Rule of Power or Rule of Law? concludes that the United States is also flouting its obligations under the Nuclear Nonproliferation Treaty (NPT).

“The January 2002 Nuclear Posture Review makes a mockery of U.S. commitments under the NPT,” said Dr. John Burroughs, executive director of LCNP and a co-author of the study, and an expert in international law as it relates to nuclear weapons. “The disclosure of a variety of options for use of nuclear weapons, including by preemptive attack, against non-nuclear weapon states, are contrary to a commitment to a ‘diminishing role for nuclear weapons in security policy’ made less than two years ago.”

An advisory opinion of the International Court of Justice in 1996 unanimously concluded that the NPT requires nuclear weapons states not only to negotiate but also to actually achieve nuclear disarmament “in all its aspects.” The study argues that a failure to fulfill treaty commitments when it involves some constraints on the part of the United States will undermine the security of the people of the United States. Global cooperation is needed, the authors say, to detect materials that may be used in dirty bombs, to ensure that international cargo does not contain hidden nuclear weapons, and to create comprehensive accounts of nuclear materials to reduce the risk of proliferation.

“The September 2001 attacks on the United States point to the urgent need to marginalize nuclear weapons and intensify global cooperation on nuclear weapons and nuclear materials,” said Dr. Burroughs. “Instead, the United States has adopted an irrational policy of elevating the role of nuclear weapons in its overall military strategy. This will reduce U.S. and global security, not increase it.”

The report makes an important connection between the build up of greenhouse gases and security and concludes that the United States is violating the United Nations Convention on Global Climate Change. Ratified by the United States in 1992, it obligates wealthy countries to take the lead in reducing greenhouse gas emissions.
“If food production conditions changes and vast areas of the world are flooded, climate change could create millions or tens of millions of refugees,” said Dr. Makhijani. “This would pose serious economic and security concerns, in addition to environmental ones. The Bush Administration’s plan to reduce greenhouse gas ‘intensity’ does not come close to complying with the Convention on Climate Change by a long shot.”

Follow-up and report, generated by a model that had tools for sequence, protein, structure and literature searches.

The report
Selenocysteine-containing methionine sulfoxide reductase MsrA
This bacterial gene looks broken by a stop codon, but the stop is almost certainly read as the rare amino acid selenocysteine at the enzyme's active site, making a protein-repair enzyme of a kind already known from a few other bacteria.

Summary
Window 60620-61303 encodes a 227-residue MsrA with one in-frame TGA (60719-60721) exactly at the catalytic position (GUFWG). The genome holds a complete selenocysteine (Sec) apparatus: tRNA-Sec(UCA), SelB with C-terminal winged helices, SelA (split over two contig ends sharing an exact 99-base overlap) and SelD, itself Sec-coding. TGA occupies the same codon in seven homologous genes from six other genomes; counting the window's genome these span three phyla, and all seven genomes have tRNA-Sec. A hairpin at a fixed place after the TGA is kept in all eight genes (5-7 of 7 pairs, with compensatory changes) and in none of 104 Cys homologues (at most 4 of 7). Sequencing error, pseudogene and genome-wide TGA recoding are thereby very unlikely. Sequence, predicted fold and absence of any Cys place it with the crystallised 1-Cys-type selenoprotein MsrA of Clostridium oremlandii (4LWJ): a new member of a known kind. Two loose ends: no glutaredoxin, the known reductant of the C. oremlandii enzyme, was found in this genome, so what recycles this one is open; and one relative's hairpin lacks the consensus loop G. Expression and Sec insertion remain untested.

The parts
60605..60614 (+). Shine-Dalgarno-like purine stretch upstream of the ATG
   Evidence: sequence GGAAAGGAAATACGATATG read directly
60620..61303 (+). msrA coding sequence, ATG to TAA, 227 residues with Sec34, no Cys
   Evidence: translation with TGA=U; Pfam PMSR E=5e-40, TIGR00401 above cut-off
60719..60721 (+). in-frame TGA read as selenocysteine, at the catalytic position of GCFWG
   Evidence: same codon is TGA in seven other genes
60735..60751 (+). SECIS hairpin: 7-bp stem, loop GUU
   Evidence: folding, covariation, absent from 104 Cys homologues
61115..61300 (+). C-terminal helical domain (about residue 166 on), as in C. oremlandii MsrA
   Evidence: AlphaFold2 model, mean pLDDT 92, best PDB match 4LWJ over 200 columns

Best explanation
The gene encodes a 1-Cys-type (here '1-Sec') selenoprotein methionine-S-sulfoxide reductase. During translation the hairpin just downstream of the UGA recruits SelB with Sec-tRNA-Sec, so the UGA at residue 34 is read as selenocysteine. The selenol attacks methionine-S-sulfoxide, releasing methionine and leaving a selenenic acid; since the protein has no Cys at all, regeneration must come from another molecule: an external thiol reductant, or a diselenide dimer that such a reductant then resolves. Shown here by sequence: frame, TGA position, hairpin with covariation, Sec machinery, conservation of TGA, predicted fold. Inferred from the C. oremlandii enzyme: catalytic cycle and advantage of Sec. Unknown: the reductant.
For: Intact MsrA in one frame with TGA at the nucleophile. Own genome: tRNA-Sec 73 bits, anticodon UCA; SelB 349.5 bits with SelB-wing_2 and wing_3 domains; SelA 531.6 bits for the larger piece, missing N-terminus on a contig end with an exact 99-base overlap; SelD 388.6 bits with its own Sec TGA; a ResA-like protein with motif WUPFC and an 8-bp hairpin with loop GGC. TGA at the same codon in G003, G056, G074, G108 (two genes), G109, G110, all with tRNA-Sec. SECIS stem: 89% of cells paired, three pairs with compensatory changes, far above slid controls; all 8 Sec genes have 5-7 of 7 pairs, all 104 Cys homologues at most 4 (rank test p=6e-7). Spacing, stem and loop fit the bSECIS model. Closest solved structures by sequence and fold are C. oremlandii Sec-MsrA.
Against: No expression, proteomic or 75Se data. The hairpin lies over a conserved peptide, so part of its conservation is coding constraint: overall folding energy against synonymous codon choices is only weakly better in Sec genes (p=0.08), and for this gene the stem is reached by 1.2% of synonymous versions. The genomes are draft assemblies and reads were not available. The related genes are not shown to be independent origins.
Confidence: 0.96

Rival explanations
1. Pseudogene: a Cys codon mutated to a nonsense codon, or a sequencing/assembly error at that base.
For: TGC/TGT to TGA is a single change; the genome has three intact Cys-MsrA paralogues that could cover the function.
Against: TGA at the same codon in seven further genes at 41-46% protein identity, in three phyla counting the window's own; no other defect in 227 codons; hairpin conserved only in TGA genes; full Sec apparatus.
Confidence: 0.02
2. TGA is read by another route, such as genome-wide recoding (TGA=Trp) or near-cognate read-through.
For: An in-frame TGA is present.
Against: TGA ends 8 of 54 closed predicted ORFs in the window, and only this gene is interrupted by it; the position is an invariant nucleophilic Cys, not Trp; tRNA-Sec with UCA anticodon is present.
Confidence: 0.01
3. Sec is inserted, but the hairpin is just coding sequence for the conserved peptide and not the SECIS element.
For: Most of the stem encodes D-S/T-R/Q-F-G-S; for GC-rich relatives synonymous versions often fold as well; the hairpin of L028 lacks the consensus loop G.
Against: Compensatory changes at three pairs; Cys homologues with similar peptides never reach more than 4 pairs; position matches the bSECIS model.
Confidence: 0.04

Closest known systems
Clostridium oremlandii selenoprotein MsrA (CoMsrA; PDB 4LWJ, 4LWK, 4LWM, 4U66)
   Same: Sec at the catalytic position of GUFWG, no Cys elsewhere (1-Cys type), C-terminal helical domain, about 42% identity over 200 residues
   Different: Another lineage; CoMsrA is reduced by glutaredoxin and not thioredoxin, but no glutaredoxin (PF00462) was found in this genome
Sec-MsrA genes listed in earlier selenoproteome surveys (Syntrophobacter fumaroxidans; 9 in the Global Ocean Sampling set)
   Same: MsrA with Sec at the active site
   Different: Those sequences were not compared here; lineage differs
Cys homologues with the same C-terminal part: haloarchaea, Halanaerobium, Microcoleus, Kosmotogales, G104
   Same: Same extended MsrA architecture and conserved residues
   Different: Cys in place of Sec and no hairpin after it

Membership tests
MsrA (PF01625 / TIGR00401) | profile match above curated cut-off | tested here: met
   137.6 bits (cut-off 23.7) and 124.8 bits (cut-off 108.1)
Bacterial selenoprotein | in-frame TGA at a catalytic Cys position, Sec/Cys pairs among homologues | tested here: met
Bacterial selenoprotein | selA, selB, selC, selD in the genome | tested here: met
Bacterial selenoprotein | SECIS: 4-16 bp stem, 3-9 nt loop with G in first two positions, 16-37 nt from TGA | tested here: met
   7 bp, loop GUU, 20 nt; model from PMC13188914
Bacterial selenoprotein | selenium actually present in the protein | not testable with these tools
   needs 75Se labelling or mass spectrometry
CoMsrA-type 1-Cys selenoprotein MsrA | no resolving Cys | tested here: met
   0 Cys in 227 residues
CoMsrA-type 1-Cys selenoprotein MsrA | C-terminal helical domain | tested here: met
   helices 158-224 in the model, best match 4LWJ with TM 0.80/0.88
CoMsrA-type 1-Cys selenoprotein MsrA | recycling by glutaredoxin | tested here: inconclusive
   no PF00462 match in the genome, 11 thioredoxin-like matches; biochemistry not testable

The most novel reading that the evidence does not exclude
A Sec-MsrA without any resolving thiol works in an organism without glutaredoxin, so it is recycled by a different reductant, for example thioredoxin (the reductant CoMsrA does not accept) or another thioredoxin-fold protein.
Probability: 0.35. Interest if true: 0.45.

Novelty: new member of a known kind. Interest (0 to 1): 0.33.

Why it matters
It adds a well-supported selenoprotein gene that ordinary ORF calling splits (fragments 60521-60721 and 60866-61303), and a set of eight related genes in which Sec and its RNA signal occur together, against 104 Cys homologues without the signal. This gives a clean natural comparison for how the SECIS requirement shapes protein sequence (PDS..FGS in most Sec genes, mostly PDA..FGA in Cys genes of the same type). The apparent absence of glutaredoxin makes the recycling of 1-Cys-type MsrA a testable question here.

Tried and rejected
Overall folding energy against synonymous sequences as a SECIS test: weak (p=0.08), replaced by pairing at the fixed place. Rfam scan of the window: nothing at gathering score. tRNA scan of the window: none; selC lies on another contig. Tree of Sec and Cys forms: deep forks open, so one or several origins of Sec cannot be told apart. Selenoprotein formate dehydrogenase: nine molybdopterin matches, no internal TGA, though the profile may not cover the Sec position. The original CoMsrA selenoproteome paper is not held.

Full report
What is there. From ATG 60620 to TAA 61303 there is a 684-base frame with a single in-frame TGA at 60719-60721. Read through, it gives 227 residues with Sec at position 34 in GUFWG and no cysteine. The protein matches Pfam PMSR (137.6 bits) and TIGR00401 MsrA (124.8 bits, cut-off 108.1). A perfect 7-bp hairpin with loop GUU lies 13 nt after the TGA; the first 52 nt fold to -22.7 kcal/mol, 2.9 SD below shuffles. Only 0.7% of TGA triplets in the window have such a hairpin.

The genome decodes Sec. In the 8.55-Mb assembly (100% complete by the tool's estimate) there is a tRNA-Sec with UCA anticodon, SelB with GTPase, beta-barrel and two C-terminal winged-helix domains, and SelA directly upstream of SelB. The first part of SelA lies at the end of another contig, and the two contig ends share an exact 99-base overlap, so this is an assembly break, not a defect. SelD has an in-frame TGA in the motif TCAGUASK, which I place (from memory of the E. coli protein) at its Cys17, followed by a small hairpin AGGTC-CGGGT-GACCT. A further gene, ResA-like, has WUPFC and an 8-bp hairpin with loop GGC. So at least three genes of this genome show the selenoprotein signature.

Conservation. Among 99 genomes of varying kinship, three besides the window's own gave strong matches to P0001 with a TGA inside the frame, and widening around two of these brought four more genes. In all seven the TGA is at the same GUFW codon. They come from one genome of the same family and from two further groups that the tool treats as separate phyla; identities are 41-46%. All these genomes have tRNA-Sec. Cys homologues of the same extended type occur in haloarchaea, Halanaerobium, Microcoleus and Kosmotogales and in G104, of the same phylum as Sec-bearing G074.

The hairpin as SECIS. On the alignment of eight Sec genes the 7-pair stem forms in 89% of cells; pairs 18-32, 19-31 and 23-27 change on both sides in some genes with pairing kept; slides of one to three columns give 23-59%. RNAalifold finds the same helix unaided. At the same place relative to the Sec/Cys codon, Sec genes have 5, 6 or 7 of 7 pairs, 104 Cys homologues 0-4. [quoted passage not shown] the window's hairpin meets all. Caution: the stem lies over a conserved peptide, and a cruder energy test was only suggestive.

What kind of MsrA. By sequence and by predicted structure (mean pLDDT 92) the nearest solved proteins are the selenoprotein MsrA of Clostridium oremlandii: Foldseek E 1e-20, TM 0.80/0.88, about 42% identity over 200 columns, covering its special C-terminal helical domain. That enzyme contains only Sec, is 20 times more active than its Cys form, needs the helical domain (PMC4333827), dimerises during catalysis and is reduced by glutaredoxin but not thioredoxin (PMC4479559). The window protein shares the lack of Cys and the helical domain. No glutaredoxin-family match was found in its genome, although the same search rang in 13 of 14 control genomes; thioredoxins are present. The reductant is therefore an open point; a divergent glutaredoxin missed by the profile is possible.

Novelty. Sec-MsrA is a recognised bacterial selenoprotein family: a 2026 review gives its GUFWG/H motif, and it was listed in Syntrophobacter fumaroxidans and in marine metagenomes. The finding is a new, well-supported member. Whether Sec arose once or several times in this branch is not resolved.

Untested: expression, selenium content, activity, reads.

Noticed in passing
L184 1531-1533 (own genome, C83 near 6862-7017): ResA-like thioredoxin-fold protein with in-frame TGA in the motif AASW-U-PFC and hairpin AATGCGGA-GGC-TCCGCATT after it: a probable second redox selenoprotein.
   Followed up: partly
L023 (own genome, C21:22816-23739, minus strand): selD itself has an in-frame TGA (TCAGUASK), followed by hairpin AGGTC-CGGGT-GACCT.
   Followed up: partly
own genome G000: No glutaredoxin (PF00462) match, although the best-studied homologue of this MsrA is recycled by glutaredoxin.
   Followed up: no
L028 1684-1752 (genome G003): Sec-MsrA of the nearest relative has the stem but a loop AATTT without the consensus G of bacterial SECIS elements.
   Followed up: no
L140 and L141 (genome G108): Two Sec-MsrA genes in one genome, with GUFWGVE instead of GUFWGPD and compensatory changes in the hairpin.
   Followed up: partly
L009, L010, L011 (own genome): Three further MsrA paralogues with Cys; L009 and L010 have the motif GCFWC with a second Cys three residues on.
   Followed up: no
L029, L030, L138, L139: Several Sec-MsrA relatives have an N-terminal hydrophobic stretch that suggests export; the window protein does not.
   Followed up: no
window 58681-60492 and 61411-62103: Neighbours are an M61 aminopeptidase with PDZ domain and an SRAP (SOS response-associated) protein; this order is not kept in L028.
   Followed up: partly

The report details evidence that U.S. policy is drifting away from regarding treaties as an essential element in global security to a more opportunistic stand of abiding by treaties only when it is convenient. “The United States is setting itself above the rules and rejecting the notion that treaties are instruments among equals, in which all parties give up something and get something,” said Ms. Deller.  ”This is a perilous direction for the United States, which gave the world the very concept of the rule of law. If the United States sets itself up above the law, and bases itself on the rule of power instead, what’s to stop other countries from doing the same?”
The report recommends that the United States:

  • Unconditionally ratify the CTBT and abandon plans for laboratory thermonuclear explosions.
  • Commit itself to irreversible nuclear arms reductions and help set in motion a process leading to a global agreement to eliminate nuclear weapons in fulfillment of its NPT commitments.
  • Reassess its unilateral withdrawal from the ABM treaty and commit itself to negotiated changes only.
  • Re-engage in the process to create a verification regime under the Biological Weapons Convention.
  • Set itself long-term goals for large reductions in greenhouse gas emissions to comply with its climate change obligations and re-engage in the Kyoto Protocol process on that basis.

The other treaties that the report examines are: the Chemical Weapons Convention, the Treaty Banning Anti-Personnel Mines, and the Rome Statute of the International Criminal Court. It contains recommendations for action on each.